Home working increases cyber security fears

Peter says that the cyber-attacks on his company are relentless.

“We see tens of different hacking attacks every single week. It is never ending.”

A senior computer network manager for a global financial services company, Peter (who did not want to give his surname, or the name of his employer, due to his firm’s anxieties surrounding cyber-security), says they are bombarded from all directions.

“We see everything,” he says. “Staff get emails sent to them pretending to be from the service desk, asking them to reset their log-in passwords.

“We see workers being tricked into downloading viruses from hackers demanding ransoms, and we have even had employees sent WhatsApp messages pretending to be from the CEO, asking for money transfers.

“And having staff working from home during the lockdowns has just made it worse, as it is much harder to keep an eye on everyone.”

Companies did not provide additional security relating to computers, electronic communication, phone communication.”

So what can both companies and home working staff do to make things as safe and secure as possible?

Ted Harrington, a San Diego-based cyber-security specialist, and author of Hackable: How To Do Application Security Right, says firms should have started by giving all home workers a dedicated work laptop. While many larger companies may well have done this, not all smaller firms necessarily have the resources to do so, but Mr Harrington stresses its importance.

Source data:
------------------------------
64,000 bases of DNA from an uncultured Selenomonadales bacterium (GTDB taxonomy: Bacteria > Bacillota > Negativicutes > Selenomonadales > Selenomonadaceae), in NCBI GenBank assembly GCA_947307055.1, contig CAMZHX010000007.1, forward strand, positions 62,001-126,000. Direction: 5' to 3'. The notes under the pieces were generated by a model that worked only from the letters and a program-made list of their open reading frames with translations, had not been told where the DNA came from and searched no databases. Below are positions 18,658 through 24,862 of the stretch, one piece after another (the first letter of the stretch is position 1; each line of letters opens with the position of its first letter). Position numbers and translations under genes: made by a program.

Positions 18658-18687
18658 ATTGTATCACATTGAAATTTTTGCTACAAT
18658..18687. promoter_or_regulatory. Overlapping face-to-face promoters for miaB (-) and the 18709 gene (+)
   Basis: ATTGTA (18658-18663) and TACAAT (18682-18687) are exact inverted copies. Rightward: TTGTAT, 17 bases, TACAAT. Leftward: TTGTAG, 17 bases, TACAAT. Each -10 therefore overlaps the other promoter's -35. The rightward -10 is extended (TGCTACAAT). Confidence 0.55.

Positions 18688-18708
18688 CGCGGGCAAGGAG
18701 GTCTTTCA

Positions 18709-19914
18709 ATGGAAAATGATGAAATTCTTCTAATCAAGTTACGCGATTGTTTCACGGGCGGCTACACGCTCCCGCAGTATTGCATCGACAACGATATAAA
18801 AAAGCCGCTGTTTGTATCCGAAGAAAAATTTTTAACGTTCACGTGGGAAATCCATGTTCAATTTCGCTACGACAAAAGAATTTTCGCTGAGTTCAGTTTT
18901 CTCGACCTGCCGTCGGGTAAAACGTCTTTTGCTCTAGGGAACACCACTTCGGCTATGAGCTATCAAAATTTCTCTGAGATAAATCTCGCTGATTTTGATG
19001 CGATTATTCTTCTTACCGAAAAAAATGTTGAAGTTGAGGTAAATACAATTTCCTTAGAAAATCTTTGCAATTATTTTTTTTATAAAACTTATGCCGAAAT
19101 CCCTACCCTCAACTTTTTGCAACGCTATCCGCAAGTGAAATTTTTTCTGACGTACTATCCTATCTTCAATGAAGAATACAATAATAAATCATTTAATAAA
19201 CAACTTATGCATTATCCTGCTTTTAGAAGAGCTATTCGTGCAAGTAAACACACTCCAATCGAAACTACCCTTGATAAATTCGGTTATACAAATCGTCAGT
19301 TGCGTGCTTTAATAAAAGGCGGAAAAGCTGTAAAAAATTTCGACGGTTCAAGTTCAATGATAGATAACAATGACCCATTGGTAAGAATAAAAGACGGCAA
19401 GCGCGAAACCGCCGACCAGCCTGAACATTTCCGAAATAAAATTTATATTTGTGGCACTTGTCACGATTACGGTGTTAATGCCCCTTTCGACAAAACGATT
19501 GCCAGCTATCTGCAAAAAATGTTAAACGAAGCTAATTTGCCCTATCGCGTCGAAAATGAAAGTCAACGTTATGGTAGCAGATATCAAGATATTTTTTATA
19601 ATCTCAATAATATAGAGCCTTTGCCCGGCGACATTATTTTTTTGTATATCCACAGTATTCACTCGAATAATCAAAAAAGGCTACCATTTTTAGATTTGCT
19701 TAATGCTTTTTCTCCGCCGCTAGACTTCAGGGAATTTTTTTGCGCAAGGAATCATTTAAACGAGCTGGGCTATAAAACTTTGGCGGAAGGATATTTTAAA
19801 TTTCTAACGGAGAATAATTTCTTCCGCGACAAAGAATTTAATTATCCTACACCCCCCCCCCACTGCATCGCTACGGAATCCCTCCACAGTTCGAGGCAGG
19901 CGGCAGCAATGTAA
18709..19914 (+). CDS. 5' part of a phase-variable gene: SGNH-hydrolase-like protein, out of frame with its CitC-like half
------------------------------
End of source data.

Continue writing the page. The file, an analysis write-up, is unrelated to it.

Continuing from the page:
“Supply staff with laptops and other equipment that are owned, controlled and configured by the company,” he says. “This alleviates the burden on your people to set things up right, and ensures they follow the security controls the company wants.”

Definitely don’t have staff using their personal computers for work, says Sam Grubb, an Arkansas-based cyber-security consultant, and author of forthcoming book How Cybersecurity Really Works.

“The main problem with using your own computer to do work is that you are not limited in what you can do on it, nor are you necessarily the only one that uses it,” he says.

“So while you might not be visiting a shady website to download movies for free, your teenage son could be doing that exact thing on your home laptop without you even knowing.

“This makes it much easier for malware or other attacks to happen. This might affect the work you are doing, or in a worst-case scenario, lead to the compromise of co-workers’ devices, or other company devices such as servers.”

Mr Harrington says that the next step is that companies must set up a VPN or virtual private network, so that remote computers have secure and encrypted connections with the firm’s servers and everyone else in the company.

Source : BBC

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